Watch Read Listen: May

May the force of good watching, reading, listening be with you this month.


Bluey (Disney+)
I’m a little late to the Bluey party, but my kids only recently jumped on the bandwagon. I haven’t gotten to the point where I’m watching it without the kids, but I’ve been referring to lessons learned in the show as examples enough that my 7-year-old has started mumbling “I kinda hate Bluey”. He loves it. I love it. It’s brilliant. (Dana)

Hope On the Street (Amazon Prime)
Docuseries following j-hope as he travels to meet street dancers and learn from them. I think this will mostly appeal to fans of j-hope and BTS (like me), but maybe you will enjoy it if you like street dance! (Casey)

Secrets of Sulphur Springs (Apple TV+)
Time travel, ghosts, a decades old connection between two families rediscovered, all in a mysterious hotel! Some very sweet friend and family moments between the mysteries. It’s full of cliffhangers, but I love it anyway! (Hazel)

Secrets of the Elephants (National Geographic)
Never thought I’d binge watch a series on elephants, but I simply could not stop. Natalie Portman does a beautiful job narrating this four-part program which explores the worlds of savanna, desert, rainforest, and Asian elephants. Especially appreciated that the subject matter experts were locals. (Janet)
Check out our Hulu Roku to watch.

Shirley (Netflix)
So good! It tells the story of Shirley Chisholm, the first Black woman elected to Congress, as she becomes the first Black candidate to seek a presidential nomination. (Seana)

Talk to Me
A pretty good horror movie where a group of friends conjure spirits using an embalmed hand. Things don’t go well for them! (Todd)


Babel: Or the Necessity of Violence: An Arcane History of the Oxford Translators’ Revolution by R.F. Kuang
Words make genuine magic in this fantastical depiction of 19th century Oxford University, where translators hold the key’s to the English Empire’s successes and failures. It’s a long one, but it’s thoroughly enjoyable. (Liz)

The Bad Ones by Melissa Albert
A gothic horror mystery. What more could I ask for? Four people disappear in one day in a small town. Turns out people have disappeared before. Could they be connected? This was an atmospheric mystery that kept me guessing. (Ash)

Don’t Look at Me Like That by Diana Athill 
One of the best books I’ve read in years. (Janet)

Our Missing Hearts by Celeste Ng
I loved it! (Seana)

Sheine Lende by Darcie Little Badger
After reading and loving Elatsoe, I was so excited to hear about this prequel! Another interesting mystery that’s also all about friends and family connections. And, of course, ghosts! (Hazel)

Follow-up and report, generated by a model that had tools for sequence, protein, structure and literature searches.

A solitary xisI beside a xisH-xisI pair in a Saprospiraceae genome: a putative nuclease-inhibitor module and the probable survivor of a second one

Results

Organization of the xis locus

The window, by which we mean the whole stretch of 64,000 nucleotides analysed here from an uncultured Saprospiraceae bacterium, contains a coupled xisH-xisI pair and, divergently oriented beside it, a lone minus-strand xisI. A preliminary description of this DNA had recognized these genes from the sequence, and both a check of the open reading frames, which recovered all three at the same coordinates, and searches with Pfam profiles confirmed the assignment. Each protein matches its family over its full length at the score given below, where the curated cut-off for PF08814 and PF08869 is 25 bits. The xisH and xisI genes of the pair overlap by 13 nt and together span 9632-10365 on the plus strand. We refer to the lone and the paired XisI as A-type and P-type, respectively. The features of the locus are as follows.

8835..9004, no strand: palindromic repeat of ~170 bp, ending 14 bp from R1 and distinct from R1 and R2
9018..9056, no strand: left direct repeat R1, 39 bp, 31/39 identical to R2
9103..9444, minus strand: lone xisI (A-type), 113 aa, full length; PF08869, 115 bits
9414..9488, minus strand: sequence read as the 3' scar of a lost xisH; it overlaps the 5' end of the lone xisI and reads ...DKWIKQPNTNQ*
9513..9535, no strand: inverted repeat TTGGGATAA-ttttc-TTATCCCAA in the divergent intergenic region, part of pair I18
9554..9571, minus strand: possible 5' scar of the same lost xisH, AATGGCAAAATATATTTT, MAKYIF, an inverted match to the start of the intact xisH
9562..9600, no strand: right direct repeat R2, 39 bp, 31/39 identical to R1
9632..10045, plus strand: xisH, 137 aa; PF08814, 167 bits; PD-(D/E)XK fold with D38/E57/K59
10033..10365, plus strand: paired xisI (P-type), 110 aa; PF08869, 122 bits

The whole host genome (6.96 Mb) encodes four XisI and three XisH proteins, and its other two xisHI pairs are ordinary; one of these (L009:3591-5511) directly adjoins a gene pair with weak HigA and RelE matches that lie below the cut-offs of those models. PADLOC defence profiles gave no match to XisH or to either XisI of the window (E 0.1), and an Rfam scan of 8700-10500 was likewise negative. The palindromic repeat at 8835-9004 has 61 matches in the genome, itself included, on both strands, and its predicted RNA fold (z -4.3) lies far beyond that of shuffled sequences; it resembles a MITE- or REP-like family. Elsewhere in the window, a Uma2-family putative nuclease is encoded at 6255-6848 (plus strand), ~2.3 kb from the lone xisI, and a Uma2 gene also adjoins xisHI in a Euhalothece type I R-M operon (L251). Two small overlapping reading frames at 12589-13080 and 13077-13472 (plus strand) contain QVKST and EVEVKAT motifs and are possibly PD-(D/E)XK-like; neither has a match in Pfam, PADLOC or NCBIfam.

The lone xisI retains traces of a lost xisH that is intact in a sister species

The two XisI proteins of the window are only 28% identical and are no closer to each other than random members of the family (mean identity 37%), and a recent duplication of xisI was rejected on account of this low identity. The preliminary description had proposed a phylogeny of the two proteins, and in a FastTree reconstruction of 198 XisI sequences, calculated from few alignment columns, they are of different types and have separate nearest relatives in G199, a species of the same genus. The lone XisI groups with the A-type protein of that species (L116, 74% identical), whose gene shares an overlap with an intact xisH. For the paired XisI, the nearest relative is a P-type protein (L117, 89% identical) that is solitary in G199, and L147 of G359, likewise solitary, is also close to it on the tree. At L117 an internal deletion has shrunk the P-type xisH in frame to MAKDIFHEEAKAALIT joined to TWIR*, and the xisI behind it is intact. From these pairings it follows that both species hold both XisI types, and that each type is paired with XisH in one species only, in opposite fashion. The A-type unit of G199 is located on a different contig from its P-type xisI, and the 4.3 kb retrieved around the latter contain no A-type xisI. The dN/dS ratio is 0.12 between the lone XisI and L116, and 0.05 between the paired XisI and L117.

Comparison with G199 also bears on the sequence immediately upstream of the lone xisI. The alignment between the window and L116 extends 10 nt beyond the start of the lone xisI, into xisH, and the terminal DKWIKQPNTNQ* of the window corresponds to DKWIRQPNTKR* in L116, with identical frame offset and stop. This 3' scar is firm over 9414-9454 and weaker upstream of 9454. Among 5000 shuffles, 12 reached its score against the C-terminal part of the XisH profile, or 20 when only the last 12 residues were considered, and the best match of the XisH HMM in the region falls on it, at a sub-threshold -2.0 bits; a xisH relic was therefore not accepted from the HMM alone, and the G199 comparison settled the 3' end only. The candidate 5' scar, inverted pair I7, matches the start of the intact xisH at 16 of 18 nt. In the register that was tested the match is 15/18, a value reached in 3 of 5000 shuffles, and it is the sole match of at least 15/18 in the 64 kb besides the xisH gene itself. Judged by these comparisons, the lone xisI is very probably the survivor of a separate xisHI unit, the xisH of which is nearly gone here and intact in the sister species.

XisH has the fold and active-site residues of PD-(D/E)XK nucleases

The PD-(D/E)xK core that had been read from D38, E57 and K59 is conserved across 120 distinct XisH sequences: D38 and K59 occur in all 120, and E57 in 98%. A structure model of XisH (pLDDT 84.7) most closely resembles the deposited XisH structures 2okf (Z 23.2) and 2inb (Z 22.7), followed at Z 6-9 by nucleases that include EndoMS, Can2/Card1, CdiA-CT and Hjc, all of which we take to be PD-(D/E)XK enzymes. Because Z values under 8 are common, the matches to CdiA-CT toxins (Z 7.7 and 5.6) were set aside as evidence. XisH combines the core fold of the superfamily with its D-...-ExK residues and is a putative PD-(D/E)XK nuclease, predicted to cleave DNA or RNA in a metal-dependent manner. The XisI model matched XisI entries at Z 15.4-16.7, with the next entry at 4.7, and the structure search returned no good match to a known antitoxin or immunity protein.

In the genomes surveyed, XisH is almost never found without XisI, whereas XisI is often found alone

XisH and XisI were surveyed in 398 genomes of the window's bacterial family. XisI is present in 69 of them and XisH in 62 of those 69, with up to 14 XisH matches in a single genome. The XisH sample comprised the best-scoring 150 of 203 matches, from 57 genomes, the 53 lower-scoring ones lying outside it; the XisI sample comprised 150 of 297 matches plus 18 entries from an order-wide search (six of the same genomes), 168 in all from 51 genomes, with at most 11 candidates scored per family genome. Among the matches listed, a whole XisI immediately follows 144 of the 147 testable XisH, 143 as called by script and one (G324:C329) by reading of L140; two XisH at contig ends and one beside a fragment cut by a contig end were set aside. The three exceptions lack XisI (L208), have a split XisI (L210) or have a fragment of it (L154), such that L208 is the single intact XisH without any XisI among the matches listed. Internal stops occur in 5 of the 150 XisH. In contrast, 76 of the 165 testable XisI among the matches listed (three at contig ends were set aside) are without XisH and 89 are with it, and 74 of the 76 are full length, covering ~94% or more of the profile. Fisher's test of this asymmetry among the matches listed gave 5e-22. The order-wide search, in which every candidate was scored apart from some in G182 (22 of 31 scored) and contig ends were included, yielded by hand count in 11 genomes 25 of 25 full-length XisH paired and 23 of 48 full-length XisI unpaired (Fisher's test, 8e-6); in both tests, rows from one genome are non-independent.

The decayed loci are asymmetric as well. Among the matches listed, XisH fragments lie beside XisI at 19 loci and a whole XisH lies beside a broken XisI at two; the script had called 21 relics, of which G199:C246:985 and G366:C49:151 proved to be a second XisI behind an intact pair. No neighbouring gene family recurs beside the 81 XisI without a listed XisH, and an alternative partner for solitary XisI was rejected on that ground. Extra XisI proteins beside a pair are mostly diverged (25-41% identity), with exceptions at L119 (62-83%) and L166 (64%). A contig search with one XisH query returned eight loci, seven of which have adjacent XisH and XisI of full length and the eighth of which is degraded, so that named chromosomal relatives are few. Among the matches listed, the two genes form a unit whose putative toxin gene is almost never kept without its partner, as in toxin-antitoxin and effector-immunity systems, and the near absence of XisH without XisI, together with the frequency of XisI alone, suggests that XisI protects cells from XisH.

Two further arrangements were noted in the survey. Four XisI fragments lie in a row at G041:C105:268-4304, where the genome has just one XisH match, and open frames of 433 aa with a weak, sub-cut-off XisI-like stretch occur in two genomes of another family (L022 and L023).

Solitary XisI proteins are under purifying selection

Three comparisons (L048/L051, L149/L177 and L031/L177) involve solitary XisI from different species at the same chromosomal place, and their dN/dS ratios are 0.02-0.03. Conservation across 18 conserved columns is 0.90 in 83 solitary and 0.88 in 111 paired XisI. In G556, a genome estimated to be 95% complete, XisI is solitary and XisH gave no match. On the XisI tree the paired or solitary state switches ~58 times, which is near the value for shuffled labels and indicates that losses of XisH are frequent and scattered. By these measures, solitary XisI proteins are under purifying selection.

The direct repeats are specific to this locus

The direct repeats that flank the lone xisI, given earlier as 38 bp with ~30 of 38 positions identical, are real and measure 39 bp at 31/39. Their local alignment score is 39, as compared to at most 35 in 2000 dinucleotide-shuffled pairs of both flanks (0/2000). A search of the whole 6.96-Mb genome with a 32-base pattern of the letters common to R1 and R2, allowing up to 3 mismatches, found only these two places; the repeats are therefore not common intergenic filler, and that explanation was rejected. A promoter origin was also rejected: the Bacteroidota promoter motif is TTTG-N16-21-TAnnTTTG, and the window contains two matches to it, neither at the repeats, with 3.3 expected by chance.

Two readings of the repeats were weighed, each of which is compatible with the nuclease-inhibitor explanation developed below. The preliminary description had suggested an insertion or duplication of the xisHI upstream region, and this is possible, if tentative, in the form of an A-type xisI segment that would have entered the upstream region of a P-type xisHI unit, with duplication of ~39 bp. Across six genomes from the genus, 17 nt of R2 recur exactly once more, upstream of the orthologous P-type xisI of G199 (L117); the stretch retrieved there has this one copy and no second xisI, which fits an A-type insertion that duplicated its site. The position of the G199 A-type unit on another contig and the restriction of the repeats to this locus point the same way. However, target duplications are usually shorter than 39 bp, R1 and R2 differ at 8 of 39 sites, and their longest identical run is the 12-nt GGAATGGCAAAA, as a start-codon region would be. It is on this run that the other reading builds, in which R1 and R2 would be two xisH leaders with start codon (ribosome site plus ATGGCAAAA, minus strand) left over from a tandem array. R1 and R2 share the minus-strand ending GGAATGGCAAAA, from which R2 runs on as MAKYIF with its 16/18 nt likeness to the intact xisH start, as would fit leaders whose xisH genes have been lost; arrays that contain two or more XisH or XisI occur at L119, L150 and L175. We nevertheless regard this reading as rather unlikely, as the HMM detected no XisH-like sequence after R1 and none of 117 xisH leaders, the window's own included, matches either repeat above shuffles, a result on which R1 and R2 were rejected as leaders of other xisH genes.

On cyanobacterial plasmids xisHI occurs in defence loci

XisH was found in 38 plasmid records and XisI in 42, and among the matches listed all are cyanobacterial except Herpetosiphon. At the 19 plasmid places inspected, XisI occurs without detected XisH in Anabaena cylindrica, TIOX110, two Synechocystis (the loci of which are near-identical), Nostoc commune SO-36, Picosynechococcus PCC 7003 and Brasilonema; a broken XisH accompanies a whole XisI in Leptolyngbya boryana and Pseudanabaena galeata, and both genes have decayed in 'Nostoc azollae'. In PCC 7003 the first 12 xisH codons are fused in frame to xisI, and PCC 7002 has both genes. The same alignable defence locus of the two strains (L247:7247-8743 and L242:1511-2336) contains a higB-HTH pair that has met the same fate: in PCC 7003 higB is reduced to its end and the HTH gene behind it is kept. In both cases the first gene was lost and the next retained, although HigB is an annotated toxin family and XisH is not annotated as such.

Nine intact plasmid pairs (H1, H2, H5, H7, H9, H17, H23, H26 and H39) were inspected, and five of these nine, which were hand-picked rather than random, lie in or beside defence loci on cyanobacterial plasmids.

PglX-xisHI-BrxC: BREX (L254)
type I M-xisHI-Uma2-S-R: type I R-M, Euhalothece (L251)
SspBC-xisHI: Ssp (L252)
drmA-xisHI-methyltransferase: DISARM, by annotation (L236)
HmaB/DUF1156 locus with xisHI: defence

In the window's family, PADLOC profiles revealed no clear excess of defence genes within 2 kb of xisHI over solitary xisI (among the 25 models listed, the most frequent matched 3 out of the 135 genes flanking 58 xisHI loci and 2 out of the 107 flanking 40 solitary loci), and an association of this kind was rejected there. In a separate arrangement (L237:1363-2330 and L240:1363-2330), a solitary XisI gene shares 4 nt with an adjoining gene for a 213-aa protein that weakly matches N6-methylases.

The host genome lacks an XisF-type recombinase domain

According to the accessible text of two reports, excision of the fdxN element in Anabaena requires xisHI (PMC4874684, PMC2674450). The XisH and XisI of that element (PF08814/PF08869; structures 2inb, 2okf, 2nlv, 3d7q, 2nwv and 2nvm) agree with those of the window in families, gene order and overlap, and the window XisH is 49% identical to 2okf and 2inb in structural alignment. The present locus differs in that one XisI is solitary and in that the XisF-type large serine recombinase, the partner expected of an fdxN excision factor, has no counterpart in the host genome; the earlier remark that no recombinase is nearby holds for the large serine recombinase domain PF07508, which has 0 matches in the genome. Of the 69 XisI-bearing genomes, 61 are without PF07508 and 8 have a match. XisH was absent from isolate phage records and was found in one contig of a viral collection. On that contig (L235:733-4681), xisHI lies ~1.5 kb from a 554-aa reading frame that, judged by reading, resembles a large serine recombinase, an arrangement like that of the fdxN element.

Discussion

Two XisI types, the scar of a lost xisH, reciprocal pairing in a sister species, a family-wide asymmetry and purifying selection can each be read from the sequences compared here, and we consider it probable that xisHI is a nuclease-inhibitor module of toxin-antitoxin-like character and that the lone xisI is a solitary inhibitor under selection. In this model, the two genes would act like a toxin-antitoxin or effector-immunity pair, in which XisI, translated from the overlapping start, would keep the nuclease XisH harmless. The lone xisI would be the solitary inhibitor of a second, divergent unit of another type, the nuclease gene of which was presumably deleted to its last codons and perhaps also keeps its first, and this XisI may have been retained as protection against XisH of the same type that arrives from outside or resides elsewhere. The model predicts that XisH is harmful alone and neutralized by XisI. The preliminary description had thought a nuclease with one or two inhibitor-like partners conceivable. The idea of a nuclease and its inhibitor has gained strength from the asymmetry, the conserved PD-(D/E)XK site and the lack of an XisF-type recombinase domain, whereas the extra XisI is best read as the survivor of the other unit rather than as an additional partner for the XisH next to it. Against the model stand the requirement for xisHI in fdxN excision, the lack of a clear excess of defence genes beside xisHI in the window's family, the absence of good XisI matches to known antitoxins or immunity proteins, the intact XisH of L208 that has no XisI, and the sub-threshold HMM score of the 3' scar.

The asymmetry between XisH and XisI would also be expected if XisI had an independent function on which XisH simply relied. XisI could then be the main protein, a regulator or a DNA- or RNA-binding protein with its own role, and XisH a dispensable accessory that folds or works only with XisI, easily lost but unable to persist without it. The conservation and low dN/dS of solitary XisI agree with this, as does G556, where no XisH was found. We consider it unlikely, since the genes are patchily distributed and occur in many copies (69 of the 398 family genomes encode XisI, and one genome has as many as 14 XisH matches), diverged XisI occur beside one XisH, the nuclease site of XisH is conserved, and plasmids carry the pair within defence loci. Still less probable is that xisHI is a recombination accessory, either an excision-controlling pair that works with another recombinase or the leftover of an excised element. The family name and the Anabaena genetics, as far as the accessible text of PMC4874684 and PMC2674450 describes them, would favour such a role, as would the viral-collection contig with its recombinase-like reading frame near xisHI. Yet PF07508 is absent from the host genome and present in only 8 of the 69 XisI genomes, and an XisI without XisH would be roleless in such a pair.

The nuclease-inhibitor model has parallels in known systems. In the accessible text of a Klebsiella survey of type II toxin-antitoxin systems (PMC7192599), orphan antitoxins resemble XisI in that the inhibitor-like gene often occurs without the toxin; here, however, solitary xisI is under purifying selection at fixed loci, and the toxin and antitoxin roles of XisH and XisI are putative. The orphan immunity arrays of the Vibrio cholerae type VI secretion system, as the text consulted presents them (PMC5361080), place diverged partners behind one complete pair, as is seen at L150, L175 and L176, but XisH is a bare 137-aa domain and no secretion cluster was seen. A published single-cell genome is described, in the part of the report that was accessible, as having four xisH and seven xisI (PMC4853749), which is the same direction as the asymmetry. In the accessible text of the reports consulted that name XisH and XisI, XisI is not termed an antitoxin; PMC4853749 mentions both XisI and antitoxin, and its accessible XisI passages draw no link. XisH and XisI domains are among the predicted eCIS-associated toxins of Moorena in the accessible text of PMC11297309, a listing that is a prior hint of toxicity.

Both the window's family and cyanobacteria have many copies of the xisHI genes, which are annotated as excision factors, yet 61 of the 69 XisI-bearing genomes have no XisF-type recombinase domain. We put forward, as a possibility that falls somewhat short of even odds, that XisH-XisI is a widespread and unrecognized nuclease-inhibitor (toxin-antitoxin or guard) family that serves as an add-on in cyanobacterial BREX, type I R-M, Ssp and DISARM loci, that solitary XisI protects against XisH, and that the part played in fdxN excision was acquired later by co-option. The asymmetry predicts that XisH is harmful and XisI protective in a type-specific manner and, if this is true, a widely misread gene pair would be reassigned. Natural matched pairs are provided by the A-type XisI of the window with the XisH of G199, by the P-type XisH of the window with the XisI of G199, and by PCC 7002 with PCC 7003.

Storm Peak by John A. Flanagan
Fun who-dun-it in a cool setting I’ve visited several times – Steamboat Mountain Resort in Colorado. (Deb)

World of Wonders: In Praise of Fireflies, Whale Sharks, and Other Astonishments by Aimee Nezhukumatathil
Each short chapter of this book is an ode to a species of flora, fauna, or to another natural phenomenon (Monsoon was one chapter), tied in with autobiographical vignettes. It’s delightful. (Dana)


Do Your Doo Diligence (Outside/In podcast)
Love the Outside/In podcast about the natural world but this episode was especially good. Some may not appreciate hearing how letting dogs go off-leash in the woods and on the beach is detrimental to local habitats but if it changes a few minds, it’s worth it. I love dogs, btw! (Janet)

The Flight Girls by Noelle Salazar, narrated by Xe Sands
Wow. So good. I think this book made me cry, for a different reason each time, every day it took to complete it. (Deb)

Hope on the Street Vol. 1
Now that you’ve *Watched*, you can *Listen* to the album that accompanies the Hope on the Street docuseries. (Casey)

The Humans by Matt Haig, narrated by Mark Meadows
When an extraterrestrial visitor arrives on Earth, his first impressions of the human species are less than positive. Taking the form of a Professor, he navigates his way through the Professor’s life and his perspective is…enchanting, hilarious and insightful. (Deb)

Little House in the Big Woods by Laura Ingalls Wilder, narrated by Cherry Jones
A coworker recently told me that Cherry Jones narrates the Little House books, and because I love listening to her, I had to give it a listen. (Ash)

The Mona Lisa Vanishes by Nick Day, narrated by Carlotta Brentan
This nonfiction book is intended for upper elementary school children, but even adults will enjoy this exciting account of Leonardo da Vinci, the Mona Lisa heist, and the early days of forensic science.  (Seana)